Extract: Ghana must go

Extract: Ghana must go

Kweku dies barefoot on a Sunday before sunrise, his slippers by the doorway to the bedroom like dogs. At the moment he is on the threshold between sunroom and garden considering whether to go back to get them. He won’t. His second wife Ama is asleep in that bedroom, her lips parted loosely, her brow lightly furrowed, her cheek hotly seeking some cool patch of pillow, and he doesn’t want to wake her.

He couldn’t if he tried.

She sleeps like a cocoyam. A thing without senses. She sleeps like his mother, unplugged from the world. Their house could be robbed—
by Nigerians in f lip-flops rolling right up to their door in rusting Russian Army tanks, eschewing subtlety entirely as they’ve taken to doing
on Victoria Island (or so he hears from his friends: the crude oil kings and cowboys demobbed to Greater Lagos, that odd breed of African: fearless and rich)—and she’d go on snoring sweetly, a kind of musical arrangement, dreaming sugarplums and Tchaikovsky.

She sleeps like a child.

But he’s carried the thought anyway, from bedroom to sunroom, making a production of being careful. A show for himself. He does this,
has always done this since leaving the village, little open-air performances for an audience of one. Or for two: him and his cameraman, that silent-invisible cameraman who stole away beside him all those decades ago in the darkness before daybreak with the ocean beside, and who has followed him every day everywhere since. Quietly filming his life. Or: the life of the Man Who He Wishes to Be and Who He Left to Become.

In this scene, a bedroom scene: The Considerate Husband. Who doesn’t make a peep as he slips from the bed, moving the covers aside noiselessly, setting each foot down separately, taking pains not to wake his unwakable wife, not to get up too quickly thus unsettling the mattress, crossing the room very quietly, closing the door without sound. And down the hall in this manner, through the door into the courtyard where she clearly can’t hear him, but still on his toes.

Across the short heated walkway, from Master Wing to Living Wing, where he pauses for a moment to admire his house. It’s a brilliant arrangement this one-story compound, by no means novel, but functional, and elegantly planned: simple courtyard in the middle with a door at each corner to the Living, Dining, Master, and (Guest) Bedroom Wings. He sketched it on a napkin in a hospital cafeteria in his third year of residency, at thirty-one years old. At forty-eight bought the plot off a Neapolitan patient, a rich land speculator with Mafia ties and Type II diabetes who moved to Accra because it reminds him of Naples in the fifties, he says (the wealth pressed against want, fresh sea air against sewage, filthy poor against filthier rich at the beach). At forty-nine found a carpenter who was willing to build it, the only Ghanaian who didn’t balk at putting a hole in a house. The carpenter was seventy with cataracts and a six-pack. He finished in two years working impeccably and alone.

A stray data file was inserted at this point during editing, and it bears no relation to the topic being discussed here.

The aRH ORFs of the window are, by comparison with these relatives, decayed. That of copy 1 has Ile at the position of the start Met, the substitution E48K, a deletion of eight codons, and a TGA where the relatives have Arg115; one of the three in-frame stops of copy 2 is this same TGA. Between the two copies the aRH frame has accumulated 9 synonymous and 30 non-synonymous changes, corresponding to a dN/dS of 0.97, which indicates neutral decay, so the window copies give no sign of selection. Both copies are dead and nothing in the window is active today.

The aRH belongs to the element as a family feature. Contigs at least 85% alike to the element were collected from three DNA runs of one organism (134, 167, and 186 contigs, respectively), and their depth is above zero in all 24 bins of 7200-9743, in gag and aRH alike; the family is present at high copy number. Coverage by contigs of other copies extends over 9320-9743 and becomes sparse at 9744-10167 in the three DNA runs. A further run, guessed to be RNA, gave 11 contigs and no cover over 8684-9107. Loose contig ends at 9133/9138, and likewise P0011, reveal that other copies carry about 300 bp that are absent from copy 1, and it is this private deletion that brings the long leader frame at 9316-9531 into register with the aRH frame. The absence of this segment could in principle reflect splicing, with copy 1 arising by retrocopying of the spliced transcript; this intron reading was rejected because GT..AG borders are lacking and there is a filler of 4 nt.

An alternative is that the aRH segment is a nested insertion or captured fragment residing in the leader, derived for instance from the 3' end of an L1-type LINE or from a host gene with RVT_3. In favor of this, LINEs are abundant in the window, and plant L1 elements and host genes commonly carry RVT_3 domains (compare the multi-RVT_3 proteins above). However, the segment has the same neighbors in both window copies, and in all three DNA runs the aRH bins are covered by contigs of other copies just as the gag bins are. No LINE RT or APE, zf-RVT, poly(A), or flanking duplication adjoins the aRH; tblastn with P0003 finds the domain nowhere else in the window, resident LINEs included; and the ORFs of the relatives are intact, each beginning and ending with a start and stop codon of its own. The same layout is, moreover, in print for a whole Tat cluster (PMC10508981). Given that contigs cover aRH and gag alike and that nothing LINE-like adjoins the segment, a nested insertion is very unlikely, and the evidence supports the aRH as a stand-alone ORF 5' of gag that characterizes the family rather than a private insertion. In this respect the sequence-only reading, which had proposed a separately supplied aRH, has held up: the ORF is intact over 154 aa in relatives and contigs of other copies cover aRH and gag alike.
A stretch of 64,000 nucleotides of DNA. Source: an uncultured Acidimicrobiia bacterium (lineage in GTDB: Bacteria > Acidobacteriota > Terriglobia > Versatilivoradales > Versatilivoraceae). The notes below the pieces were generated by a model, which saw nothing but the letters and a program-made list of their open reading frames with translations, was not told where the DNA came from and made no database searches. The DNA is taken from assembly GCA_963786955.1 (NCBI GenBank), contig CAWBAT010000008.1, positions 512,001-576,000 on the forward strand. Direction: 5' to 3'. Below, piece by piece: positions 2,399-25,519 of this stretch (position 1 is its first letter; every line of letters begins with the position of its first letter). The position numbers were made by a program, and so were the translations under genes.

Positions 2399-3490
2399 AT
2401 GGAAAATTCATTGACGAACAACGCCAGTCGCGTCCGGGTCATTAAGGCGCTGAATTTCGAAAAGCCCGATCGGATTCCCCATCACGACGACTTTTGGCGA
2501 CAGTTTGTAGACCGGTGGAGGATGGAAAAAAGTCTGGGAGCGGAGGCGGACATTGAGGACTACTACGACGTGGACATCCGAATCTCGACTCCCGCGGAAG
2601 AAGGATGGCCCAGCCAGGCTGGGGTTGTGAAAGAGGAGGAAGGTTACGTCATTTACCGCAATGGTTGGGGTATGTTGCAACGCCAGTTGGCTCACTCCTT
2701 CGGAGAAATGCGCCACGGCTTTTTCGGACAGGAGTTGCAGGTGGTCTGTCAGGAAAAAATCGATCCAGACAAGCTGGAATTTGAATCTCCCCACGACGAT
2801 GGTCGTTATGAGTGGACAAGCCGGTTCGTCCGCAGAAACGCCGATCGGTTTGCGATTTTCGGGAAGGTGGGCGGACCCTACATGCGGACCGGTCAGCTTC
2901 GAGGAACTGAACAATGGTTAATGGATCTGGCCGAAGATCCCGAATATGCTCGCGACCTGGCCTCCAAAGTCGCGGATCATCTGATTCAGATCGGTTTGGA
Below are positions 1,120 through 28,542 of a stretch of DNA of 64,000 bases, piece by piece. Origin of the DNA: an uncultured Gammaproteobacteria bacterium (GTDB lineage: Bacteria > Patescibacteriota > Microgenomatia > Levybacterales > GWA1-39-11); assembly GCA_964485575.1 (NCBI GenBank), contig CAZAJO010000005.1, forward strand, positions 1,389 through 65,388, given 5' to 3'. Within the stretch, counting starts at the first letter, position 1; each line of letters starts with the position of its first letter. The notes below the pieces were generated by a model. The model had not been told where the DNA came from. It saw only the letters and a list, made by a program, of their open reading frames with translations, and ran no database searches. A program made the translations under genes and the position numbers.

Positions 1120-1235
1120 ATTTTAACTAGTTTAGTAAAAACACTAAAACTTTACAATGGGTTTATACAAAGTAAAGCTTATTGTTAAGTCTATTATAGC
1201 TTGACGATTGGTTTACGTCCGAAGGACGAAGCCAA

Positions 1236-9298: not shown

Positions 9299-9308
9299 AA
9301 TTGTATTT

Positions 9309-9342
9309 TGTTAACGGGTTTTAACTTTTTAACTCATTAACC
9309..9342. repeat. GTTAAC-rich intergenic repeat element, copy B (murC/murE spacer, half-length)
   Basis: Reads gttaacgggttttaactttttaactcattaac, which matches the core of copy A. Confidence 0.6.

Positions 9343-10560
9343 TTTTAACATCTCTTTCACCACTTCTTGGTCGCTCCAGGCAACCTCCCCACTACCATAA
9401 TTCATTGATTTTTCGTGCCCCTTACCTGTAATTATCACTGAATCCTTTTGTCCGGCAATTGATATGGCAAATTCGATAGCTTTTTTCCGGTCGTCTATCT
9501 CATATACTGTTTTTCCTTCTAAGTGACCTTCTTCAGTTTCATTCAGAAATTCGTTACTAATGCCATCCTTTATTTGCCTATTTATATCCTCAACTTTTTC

At fifty-one moved his things in, but found it too quiet.

At fifty-three took a second wife.

Elegantly planned.

Now he stops at the top of the square, between doorways, where the blueprint is obvious, where he can see the design, and considers it as the painter must consider the painting or the mother the newborn: with confusion and awe, that this thing which sprang to life there inside the mind or body has made it here to the outside, a life of its own. Slightly baffled. How did it get here, from in him to in front? (Of course he knows: with the proper application of the appropriate instruments; it’s the same for the painter, the mother, the amateur architect—but still it’s a wonder to look at.)

His house.

Ghana Must Go by Taiye Selasi is published by Viking in April.